Even though roughly 1 in 5 Americans has been involved in an “open” relationship at some point in their lives, new research cautions that many end up bearing the brunt of stigmatizing and stressful disapproval.

The finding stems from a pair of fresh investigations: The first found that roughly 40% of men and women who participate in “consensually non-monogamous” relations report being judged negatively or even threatened by others. And 70% of those who say they don’t experience stigma admit taking pains to keep the less traditional nature of their relationships under wraps.

In turn, a follow-up study found that being on the receiving end of such stigma exacts a significant emotional toll, causing anxiety not only when disapproval is actually expressed but also in anticipation of future negative encounters.

“Prior research has found that people tend to view consensually non-monogamous relationships more negatively than monogamous relationships,” noted study author Elizabeth Mahar. She is a postdoctoral fellow in the department of obstetrics & gynecology at the University of British Columbia in Vancouver, Canada.

And in the latest study, “we found that people in consensually non-monogamous relationships do indeed report experiencing stigma in a variety of ways,” Mahar said.

That stigma can take many forms, she added, ranging from disgust to social exclusion to worse service when out in public. And those experiences sting, undermining quality of life and a sense of well-being among those who choose to engage in an open lifestyle, the study team noted.

Twenty percent of Americans — and Canadians — have at least tried an open relationship, Mahar said.

In 2019, she and her team decided to dig deeper by conducting a stigma exposure survey among 372 men and women involved in an open relationship. About 70% of the participants were white, with an average age of just over 33 years.

Roughly 40% said that they had been treated unfairly, discriminated against, devalued, diminished and/or threatened because of their relationship choice.

On the upside, most of those surveyed (nearly 58%) said they had not experienced stigma, and about 8% said they had even had positive or curious reactions from others.

But among those who said they had no history of stigmatization, 7 in 10 pointed out that they made an effort to ensure that pretty much no one was aware of their open lifestyle.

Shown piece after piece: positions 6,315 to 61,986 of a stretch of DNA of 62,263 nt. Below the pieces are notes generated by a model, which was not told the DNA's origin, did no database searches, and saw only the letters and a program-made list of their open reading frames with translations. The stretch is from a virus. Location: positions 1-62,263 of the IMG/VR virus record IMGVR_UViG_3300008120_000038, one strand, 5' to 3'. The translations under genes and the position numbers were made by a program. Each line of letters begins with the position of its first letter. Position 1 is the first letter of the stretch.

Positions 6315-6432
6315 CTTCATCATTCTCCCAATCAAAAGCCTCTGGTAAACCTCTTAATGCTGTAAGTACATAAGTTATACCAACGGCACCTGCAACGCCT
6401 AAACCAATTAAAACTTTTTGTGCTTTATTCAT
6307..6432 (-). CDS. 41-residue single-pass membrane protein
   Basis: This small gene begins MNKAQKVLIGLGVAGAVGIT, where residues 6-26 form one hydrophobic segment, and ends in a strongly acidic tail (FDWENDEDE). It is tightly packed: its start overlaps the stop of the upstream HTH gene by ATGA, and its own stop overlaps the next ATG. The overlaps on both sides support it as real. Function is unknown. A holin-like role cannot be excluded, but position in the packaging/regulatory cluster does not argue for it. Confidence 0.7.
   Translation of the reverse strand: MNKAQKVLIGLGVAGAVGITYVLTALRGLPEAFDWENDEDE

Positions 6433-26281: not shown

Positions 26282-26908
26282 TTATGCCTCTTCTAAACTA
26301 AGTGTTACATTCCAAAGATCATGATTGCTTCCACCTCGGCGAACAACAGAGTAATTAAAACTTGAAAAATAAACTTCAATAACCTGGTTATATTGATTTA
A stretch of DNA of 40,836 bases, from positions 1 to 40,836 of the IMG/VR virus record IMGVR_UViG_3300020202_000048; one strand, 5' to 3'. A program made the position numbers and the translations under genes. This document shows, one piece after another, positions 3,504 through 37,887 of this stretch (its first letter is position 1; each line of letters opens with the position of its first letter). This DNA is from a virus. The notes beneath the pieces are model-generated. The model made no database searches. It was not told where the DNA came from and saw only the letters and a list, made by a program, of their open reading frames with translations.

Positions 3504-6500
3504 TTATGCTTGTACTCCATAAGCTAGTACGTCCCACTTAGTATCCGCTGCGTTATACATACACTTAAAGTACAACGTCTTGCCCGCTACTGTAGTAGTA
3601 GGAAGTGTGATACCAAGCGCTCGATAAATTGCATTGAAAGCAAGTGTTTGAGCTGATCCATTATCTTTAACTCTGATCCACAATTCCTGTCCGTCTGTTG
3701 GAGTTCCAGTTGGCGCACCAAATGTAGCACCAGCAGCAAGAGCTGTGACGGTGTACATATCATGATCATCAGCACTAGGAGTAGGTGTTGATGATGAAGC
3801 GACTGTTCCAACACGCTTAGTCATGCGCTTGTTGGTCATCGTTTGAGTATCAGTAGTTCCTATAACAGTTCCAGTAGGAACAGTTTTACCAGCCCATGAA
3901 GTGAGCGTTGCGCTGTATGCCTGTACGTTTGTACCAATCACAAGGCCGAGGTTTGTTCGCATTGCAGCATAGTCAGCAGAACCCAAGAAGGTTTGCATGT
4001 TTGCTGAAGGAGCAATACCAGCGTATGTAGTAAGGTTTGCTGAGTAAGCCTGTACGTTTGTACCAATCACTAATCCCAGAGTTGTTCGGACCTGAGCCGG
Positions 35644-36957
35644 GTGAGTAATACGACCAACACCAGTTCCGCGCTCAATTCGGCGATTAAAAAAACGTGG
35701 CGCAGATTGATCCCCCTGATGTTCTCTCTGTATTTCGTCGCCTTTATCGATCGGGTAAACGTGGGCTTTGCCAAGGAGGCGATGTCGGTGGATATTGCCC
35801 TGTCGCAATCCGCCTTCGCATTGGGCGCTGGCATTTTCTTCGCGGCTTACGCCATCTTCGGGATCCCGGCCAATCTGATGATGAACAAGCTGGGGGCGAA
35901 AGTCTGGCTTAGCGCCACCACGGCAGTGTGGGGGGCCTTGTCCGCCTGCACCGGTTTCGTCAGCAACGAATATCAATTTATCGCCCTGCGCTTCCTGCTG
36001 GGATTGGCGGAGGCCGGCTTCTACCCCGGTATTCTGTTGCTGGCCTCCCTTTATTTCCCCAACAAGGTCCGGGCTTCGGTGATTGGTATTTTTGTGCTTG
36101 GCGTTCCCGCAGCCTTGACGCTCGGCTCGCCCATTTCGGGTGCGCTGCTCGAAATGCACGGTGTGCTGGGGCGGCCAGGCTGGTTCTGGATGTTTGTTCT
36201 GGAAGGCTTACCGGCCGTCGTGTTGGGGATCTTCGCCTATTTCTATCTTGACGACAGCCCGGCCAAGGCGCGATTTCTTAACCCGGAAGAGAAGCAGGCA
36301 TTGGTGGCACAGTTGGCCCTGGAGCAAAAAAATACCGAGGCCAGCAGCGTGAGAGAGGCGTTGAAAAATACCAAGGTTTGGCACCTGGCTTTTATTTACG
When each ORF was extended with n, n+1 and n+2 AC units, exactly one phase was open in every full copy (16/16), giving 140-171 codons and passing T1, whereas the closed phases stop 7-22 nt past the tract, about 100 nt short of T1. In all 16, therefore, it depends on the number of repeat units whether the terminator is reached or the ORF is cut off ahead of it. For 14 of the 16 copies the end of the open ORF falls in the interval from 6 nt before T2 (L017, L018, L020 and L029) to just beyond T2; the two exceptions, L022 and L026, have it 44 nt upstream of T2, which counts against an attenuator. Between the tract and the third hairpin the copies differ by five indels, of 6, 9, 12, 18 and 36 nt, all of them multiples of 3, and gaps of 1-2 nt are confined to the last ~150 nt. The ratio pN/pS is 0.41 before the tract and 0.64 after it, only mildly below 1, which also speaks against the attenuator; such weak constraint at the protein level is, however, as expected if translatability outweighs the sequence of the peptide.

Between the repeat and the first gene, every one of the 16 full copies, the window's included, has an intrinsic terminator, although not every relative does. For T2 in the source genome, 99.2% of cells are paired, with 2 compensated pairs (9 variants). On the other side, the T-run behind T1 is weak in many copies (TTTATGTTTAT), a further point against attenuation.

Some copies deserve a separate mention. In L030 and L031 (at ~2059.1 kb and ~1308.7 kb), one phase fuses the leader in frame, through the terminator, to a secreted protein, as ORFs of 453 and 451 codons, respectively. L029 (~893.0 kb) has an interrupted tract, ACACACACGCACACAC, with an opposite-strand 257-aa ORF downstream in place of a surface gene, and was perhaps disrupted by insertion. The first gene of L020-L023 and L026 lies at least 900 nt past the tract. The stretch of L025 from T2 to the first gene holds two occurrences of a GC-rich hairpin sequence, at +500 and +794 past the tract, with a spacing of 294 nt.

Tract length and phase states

A follow-up survey was then conducted among the same group (with an additional 11 participants), to gauge the precise impact of stigmatization.

In the end, the team concluded that being exposed to stigma due to an open lifestyle was linked to increased distress. In addition, the investigators found that such stigma also drove up the risk for developing “internalized” stigma, in which those in open relationships start to feel uncomfortable and guilty about their choice.

As to why people feel the need to stigmatize others in the first place, Mahar pointed to other research suggesting there is a perception that people in open relationships are more interested in short-term relationships, rather than long-term commitments. And that perception may make those in monogamous relationships feel nervous or threatened.

In addition, prior investigations have also indicated that people tend to perceive those in open relationships as being unnecessary risk-takers and generally less healthy.

The findings were published recently in the journal Personality and Social Psychology Bulletin.

Amy Moors is an assistant professor of psychology at Chapman University in Orange, Calif., and a research fellow with the Kinsey Institute at Indiana University. She is also co-chair of an American Psychological Association committee that focuses on consensual non-monogamy.

Moors pointed out that “there are now as many people who have engaged in open relationships as there are Americans who own a cat. And that includes everyone of all stripes: white, Black, liberal, conservative, Southerners, Northerners, Republicans, Democrats, religious and non-religious.”

Yet at the same time, Moors said that her own research a decade back revealed that — all things being equal — people who are engaged in an open lifestyle are nonetheless typically thought of more poorly than monogamous couples.

“And that’s by any measure you look at, even when the measure has nothing to do with being in a relationship,” she added.

For example, open couples are not only viewed by others as being involved in less trusting and less satisfying relationships and more likely to spread sexually transmitted diseases, but also less likely to pay their taxes, less likely to tip well, and less likely to take a daily vitamin, Moors said.

So, the latest study “adds some nuance to what we already know — that this stigma is alive and well,” she explained.

“And there are a lot of reasons why,” said Moors, including religious beliefs, a general lack of exposure to the concept, and the fear that if one accepts others’ openness, their own monogamous partner may become interested.

“But whatever the reason, when you’re getting messages from everyone and everywhere that what you’re doing is wrong, that has a real cost,” Moors added. “It leads to lower self-esteem, a lower sense of well-being, and sometimes very real economic costs, like not getting hired for a job or being discriminated against.”

More information

There’s more on consensual non-monogamous relationships at the American Psychological Association.

SOURCES: Elizabeth Mahar, PhD, postdoctoral fellow, department of obstetrics & gynecology, University of British Columbia, Vancouver, Canada; Amy C. Moors, PhD, assistant professor of psychology, Chapman University, Orange, Calif., and research fellow, The Kinsey Institute, Indiana University, and co-chair, American Psychological Association’s division 44 committee on consensual non-monogamy; Personality and Social Psychology Bulletin, Dec. 3, 2022